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J Clin Psychiatry. 2018 May/Jun;79(3). pii: 17m11634. doi: 10.4088/JCP.17m11634.

Efficacy, Safety, and Durability of Repeated Ketamine Infusions for Comorbid Posttraumatic Stress Disorder and Treatment-Resistant Depression.

Author information

1
Department of Psychiatry, University of Minnesota Medical School, F282/2A West, 2450 Riverside Ave, Minneapolis, MN 55454-1495. albot002@umn.edu.
2
Department of Psychiatry, University of Minnesota Medical School, Minneapolis, Minnesota, USA.
3
Mental Health Service Line, Minneapolis VA Health Care System, Minneapolis, Minnesota, USA.
4
Geriatric Research Education and Clinical Center, Minneapolis VA Health Care System, Minneapolis, Minnesota, USA.
5
Department of Psychiatry and Psychology, Mayo Clinic, Rochester, Minnesota, USA.
6
Department of Anesthesiology, Minneapolis VA Health Care System, Minneapolis, Minnesota, USA.

Abstract

OBJECTIVE:

The present study examined the efficacy, safety, and durability of repeated ketamine infusions for the treatment of comorbid posttraumatic stress disorder (PTSD) and treatment-resistant depression (TRD) in a sample of veterans.

METHODS:

Individuals with comorbid DSM-5-defined PTSD and DSM-IV-defined major depressive disorder (N = 15) received 6 intravenous ketamine infusions (0.5 mg/kg) on a Monday-Wednesday-Friday schedule over a 12-day period from May 2015 to June 2016. Data from outcome measures were collected before and 24 hours after each infusion and weekly for 8 weeks following the final infusion.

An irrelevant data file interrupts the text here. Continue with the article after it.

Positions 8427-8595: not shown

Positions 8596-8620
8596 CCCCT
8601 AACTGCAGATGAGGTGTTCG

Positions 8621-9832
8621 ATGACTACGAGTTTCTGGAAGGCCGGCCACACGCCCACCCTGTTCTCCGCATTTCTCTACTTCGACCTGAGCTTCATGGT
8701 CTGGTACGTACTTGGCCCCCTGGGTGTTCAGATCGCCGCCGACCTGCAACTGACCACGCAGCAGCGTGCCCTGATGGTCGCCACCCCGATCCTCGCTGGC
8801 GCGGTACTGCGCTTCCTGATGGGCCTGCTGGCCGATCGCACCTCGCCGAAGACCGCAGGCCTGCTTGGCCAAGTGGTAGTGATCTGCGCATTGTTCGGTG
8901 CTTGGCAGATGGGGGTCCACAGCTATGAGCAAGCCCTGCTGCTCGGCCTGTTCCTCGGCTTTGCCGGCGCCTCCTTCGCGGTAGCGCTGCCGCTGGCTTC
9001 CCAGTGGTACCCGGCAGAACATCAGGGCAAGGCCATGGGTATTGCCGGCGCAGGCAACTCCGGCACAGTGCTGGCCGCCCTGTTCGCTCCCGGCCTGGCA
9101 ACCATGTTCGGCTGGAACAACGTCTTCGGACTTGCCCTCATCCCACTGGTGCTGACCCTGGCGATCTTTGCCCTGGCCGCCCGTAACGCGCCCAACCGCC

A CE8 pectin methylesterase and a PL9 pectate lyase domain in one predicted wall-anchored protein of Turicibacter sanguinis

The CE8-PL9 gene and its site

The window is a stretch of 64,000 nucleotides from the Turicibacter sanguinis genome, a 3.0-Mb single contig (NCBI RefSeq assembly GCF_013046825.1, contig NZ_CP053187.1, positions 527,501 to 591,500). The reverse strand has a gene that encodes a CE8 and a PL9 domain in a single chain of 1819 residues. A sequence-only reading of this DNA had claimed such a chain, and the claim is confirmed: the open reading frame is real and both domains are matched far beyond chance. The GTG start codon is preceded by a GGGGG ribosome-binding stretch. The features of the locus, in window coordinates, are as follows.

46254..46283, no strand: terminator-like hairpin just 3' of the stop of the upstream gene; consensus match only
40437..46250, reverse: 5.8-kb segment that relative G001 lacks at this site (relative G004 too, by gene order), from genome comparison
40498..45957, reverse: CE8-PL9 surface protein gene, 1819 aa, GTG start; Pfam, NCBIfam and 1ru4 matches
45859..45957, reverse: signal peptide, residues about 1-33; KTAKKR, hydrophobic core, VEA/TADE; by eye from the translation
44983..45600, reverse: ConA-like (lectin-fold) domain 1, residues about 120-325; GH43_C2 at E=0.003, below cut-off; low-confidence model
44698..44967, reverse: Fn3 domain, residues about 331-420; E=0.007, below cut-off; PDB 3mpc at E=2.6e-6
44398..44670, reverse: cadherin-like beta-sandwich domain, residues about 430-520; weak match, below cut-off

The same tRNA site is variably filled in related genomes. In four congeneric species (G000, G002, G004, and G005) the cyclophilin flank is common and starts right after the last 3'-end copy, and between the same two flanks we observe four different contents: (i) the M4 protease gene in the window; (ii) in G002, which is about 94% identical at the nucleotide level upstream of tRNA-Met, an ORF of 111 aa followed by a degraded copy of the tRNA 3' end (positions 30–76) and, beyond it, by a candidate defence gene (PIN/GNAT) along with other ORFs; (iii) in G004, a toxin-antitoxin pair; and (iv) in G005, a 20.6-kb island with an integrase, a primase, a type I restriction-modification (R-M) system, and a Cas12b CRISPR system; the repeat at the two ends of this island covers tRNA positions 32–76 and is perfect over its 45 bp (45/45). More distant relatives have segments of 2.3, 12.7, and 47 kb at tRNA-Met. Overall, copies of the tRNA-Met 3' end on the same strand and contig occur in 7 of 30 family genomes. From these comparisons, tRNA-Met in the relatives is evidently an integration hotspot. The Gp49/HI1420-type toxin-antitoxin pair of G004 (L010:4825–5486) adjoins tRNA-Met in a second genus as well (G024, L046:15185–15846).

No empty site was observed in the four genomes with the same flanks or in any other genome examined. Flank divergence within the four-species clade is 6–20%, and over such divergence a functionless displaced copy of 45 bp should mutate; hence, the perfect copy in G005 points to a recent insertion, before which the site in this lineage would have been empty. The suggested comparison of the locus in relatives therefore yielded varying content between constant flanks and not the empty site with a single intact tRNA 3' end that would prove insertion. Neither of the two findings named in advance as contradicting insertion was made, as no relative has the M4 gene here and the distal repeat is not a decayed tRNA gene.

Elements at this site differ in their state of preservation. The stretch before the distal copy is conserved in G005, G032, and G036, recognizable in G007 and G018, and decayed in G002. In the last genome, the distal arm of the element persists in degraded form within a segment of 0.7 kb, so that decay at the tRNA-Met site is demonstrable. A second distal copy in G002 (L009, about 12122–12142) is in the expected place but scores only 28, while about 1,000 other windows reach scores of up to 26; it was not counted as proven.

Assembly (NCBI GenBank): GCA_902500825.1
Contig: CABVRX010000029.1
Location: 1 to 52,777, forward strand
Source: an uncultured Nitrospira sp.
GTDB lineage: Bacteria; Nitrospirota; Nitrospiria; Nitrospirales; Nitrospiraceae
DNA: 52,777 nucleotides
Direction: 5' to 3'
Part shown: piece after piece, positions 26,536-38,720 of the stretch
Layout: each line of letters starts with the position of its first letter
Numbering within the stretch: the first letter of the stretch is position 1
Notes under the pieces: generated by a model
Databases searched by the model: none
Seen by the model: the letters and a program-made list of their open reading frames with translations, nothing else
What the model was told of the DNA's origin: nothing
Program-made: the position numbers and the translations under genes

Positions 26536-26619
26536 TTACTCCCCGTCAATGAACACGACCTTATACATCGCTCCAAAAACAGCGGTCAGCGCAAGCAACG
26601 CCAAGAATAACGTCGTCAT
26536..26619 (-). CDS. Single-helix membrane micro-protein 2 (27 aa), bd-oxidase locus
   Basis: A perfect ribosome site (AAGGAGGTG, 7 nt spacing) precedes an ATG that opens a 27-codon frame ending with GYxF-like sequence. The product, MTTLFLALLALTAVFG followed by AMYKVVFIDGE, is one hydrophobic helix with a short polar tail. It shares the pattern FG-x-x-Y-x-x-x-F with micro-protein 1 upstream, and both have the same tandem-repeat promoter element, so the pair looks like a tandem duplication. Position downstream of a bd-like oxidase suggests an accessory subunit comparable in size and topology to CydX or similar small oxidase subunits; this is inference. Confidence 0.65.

RESULTS:

Continuous measures of symptom change were significant for both disorders and were associated with large effect sizes (mean decrease in PTSD Checklist for DSM-5 score = 33.3 points [95% CI, 23.0-43.5 points], P < .0005, sample size-adjusted Cohen d [d'] = 2.17; mean decrease in Montgomery-Asberg Depression Rating Scale score = 26.6 points [95% CI, 23.0-30.2 points], P < .0005, d' = 4.64). The remission rate for PTSD was 80.0%, and the response rate for TRD was 93.3%. Participants in remission from PTSD after the infusion series (n = 12) had a median time to relapse of 41 days. Similarly, participants whose depression symptoms responded to the infusion series (n = 14) had a median time to relapse of 20 days. Repeated ketamine infusions were associated with transient increases in dissociative symptoms. No participant reported worsening of PTSD symptoms over the study duration.

CONCLUSIONS:

This study, the first open-label study of repeated ketamine infusions in a comorbid population, found rapid and sustained improvement in PTSD and depression symptoms. This report suggests that repeated ketamine treatments are safe and may represent an efficacious treatment for individuals with comorbid PTSD and TRD.

TRIAL REGISTRATION:

ClinicalTrials.gov identifier: NCT02577250.

PMID:
29727073
DOI:
10.4088/JCP.17m11634

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